According to Erik Davis, managing editor of Fandango, such theatrical redistribution is definitely on the rise, especially with films vying for awards attention. But he feels it’s hardly a sweeping trend or an unfair move on Disney’s part that will edge out smaller films — it’s more a symptom of increasingly nimble marketing and distribution choices by studio executives. “I’m sure there’s an aspect of this decision that Disney wants to hold that ‘highest-grossing film of all time’ distinction. This is Hollywood, of course there are executives who are champing at the bit to get that notch on their belt,” Davis says. “But this is not something new. The Greatest Showman did something like that where [Fox] brought it back into theaters as a sing-along version. A Star is Born did that; Warner Bros. saw fan demand, people going crazy for the music. The execs said, ‘Let’s add some more music, add some more footage and put it back in theaters.’”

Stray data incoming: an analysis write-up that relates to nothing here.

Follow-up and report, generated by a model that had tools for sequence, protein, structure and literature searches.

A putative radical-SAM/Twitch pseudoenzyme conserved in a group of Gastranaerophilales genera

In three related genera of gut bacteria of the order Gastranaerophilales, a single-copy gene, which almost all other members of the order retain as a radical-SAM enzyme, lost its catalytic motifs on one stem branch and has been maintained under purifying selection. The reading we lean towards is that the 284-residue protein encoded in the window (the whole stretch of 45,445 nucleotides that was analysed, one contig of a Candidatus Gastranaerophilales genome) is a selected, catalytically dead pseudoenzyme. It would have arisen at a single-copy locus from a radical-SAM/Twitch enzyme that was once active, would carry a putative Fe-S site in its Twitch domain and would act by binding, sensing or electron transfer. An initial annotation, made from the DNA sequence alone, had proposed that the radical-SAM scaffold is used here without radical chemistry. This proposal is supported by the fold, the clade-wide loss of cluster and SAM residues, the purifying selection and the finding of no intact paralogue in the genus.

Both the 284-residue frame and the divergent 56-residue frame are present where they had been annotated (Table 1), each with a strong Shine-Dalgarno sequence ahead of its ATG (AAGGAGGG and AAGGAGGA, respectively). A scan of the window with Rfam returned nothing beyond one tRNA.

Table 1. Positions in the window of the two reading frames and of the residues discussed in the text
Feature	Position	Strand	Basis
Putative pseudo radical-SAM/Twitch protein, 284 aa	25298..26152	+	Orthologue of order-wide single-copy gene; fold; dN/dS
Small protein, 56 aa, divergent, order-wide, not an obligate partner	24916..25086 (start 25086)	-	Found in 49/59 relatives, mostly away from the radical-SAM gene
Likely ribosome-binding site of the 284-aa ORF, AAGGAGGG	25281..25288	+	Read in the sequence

“I don’t think this stuff is going to be planned out in advance,” he adds. “It’s going to be in the moment: a wait-and-see thing. They’ll say, ‘Fans are demanding an additional experience to this film.’”
With just one more weekend in theaters, Endgame will be playing on nearly 2,000 screens in North America. It certainly has the potential to dethrone Avatar, but that outcome is hardly guaranteed. “Forty million dollars is a tough number to get to at this point,” says Paul Dergarabedian, senior media analyst for Comscore. “It’s possible. The potential is there if there are international theaters in play.” (And Disney isn’t saying either way.)